According to the present invention there is provided a method for dynamically equalizing the optical gain across both the linear and non-linear regimes of the C-Band, comprising: a) providing at least one dual-stage Erbium doped fiber amplifier having a first stage and a second stage; b) optically connecting a Thulium-doped fiber between the first and second stages; c) synergistically controlling the spectral output of the first and the second stages; and d) using the spectral output of the first stage to affect an optical characteristic of the Thulium-doped fiber, the affected optical characteristic combining with the first and second spectral outputs to induce a substantially equalized gain across the C-Band.

The apparatus of the present invention can be used as a stand-alone device or in conjunction with a dichroic filter, or any other passive gain equalizing filter, and can be an important contributor for dynamic gain equalization in Erbium-doped fiber amplifiers.

BRIEF DESCRIPTION OF THE DRAWINGS

The invention is herein described, by way of example only, with reference to the accompanying drawings, wherein:

FIG. 1 shows the typical absorption of a 1.3 m long Tm-doped silica fiber for various input powers and 10 channels in the C-band;

FIG. 2 illustrates a prior art dual-stage amplifier apparatus;

FIG. 3 shows the net cross section of an Erbium doped fiber near 1550 nm for different values of fractional population inversion or pump power level. The linear (1540-1565 nm) and non-linear regimes (1530-1540 nm) are easily noticeable.

FIG. 4 shows a preferred embodiment of the full C-Band dynamic gain equalizer according to the present invention;

FIG. 5 shows an exemplary process of equalizing the wavelength-distributed channels, in the embodiment of FIG. 4;

FIG. 6 is an example of the performance of a dynamic gain dual-stage EDFA of FIG. 4, in the entire C-Band range;

FIG. 7 shows the dynamic gain range of the EDFA of FIG. 4;

FIG. 8 shows another preferred embodiment of the full C-Band dynamic gain equalizer according to the present invention.

FIG. 9 is an example of the performance of the embodiment of the dynamic gain dual-stage EDFA shown in FIG. 8, in the whole C-Band range;

FIG. 10 shows the dynamic gain range of the EDFA of FIG. 8;

DESCRIPTION OF THE PREFERRED EMBODIMENTS

The present invention is of a full C-Band dynamic gain equalizer for fiber optic communication systems having a spectral output that can be changed dynamically as needed, by adjusting one or more variable power lasers providing optical pumping. The principles and operation of the dynamic gain equalizer of the present invention may be better understood with reference to the drawings and the accompanying description. In the following description, numerous specific details are set forth to provide a more thorough description of embodiments of the invention. It will be apparent, however, to one skilled in the art, that the invention may be practiced without these specific details. In other instances, well known features have not been described in detail so as not to obscure the invention.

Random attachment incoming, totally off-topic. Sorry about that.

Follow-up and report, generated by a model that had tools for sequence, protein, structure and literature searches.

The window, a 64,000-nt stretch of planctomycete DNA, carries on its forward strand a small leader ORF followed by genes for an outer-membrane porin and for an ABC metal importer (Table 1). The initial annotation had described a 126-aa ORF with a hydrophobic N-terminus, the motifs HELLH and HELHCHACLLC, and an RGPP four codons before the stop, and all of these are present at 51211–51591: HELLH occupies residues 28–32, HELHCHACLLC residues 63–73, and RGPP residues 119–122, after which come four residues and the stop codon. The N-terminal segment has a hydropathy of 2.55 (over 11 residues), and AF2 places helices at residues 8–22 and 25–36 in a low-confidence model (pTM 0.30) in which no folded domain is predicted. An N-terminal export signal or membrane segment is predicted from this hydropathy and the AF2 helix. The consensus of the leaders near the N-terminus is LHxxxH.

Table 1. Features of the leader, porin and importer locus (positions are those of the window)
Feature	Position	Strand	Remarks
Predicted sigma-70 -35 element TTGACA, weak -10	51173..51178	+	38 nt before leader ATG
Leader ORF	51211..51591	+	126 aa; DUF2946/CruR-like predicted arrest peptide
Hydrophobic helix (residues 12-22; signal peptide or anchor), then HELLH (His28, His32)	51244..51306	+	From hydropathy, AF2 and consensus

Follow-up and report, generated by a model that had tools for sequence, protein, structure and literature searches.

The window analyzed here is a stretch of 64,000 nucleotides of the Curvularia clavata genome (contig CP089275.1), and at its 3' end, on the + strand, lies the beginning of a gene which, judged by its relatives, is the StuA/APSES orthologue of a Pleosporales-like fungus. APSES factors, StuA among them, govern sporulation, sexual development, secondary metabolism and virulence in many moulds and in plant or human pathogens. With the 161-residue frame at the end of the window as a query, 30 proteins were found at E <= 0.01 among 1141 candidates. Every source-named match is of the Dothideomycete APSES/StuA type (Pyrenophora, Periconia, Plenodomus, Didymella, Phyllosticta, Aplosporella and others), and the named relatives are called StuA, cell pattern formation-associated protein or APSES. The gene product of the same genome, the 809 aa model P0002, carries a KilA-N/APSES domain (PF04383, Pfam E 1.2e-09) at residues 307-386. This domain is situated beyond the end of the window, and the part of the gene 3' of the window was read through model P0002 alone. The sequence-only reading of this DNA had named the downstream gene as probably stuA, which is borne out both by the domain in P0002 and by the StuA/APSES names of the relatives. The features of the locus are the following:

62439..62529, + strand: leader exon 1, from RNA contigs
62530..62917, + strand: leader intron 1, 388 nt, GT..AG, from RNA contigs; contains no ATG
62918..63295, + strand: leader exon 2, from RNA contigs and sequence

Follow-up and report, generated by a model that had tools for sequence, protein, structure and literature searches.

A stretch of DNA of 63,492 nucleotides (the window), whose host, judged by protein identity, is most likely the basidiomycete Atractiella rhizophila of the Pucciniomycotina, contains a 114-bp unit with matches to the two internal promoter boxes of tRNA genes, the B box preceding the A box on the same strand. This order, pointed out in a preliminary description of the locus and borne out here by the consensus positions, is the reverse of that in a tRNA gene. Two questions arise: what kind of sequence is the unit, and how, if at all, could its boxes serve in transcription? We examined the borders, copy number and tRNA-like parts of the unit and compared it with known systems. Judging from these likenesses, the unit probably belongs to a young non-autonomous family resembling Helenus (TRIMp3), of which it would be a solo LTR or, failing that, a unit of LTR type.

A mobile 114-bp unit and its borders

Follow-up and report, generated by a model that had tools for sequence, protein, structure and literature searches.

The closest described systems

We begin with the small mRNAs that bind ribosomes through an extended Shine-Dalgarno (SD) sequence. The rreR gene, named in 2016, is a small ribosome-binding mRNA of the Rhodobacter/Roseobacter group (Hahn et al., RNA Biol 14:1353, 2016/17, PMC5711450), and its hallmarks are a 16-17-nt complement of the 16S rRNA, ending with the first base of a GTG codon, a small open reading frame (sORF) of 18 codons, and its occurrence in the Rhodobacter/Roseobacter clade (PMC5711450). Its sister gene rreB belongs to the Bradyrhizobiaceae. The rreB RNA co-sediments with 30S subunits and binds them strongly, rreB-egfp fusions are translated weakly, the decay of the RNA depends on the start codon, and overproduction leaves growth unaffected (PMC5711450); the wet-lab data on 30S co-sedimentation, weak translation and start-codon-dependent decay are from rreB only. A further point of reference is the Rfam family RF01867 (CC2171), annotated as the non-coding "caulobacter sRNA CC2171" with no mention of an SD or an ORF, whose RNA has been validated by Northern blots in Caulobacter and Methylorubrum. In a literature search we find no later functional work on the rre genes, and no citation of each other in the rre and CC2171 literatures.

Referring now to the drawings, FIG. 2 illustrates a conventional prior-art dual-stage amplifier apparatus [“Erbium-doped Fiber Amplifiers”, P. C. Becker, et. al., p. 273-277, Academic Press, 1999], where a transmission line 100 passes through a first amplifier stage 110, which comprises a first wavelength division multiplexing coupler 120, one or more Erbium-doped optical fibers 130, a first optical fiber line (“pump”) 140 used to provide variable power laser light to pump Erbium into an excited state, and, optionally, a passive filter 150. The output signals of first stage 110 are further amplified by a second stage 160, which also comprises a second wavelength division multiplexing coupler 170, one or more Erbium-doped optical fibers 180, and a second optical fiber line (pump) 190 to provide variable power laser light to pump Erbium into an excited state. In the event that the second stage 160 is unable to provide the desired gain across some of the wavelengths, passive filter 150 can provide additional filtering to achieve equalization. As discussed earlier, optical fibers might be doped with other elements besides Erbium in order to provide a means of amplifying light at additional wavelengths, or as sensitizers for the Erbium ions.

A dual-stage amplifier can be operated in a regime in which the first stage has a negative gain tilt and the second stage a positive gain tilt and vice-versa. Each such mode of operation facilitates the power equalization of the signals with different wavelengths exiting the amplifier. When high gain is required, first stage 110 is highly pumped, its gain tilt (herein, a form of “spectral output”) is positive, and second stage 160 compensates for this tilt by lowering its pumping level. Alternatively, when low gain is required, first stage 110 is pumped low, and its gain tilt is negative, while second stage 160 compensates for this negative tilt by increasing its pumping level. The overall gain tilts at the high and low gain edges of the amplifier's dynamic gain range (referred to herein as “high gain” and “low gain” respectively) are positive and negative, respectively.

Thus, Erbium-doped fiber amplifiers can have a certain dynamic gain range by having their pumping levels chosen selectively. However, within a required flattening tolerance, the maximum dynamic gain range obtained with existing configurations, as exemplified by FIG. 2, is limited. For two identical Erbium fibers forming the two amplifier stages, the dynamic gain range ΔG (in dB) is given by Δ G = G max - G min = ( σ e ( λ1 ) + σ a ( λ1 ) ) + ( σ e ( λ2 ) + σ a ( λ2 ) ) ( σ e ( λ1 ) + σ a ( λ1 ) ) - ( σ e ( λ2 ) + σ a ( λ2 ) ) · Δ T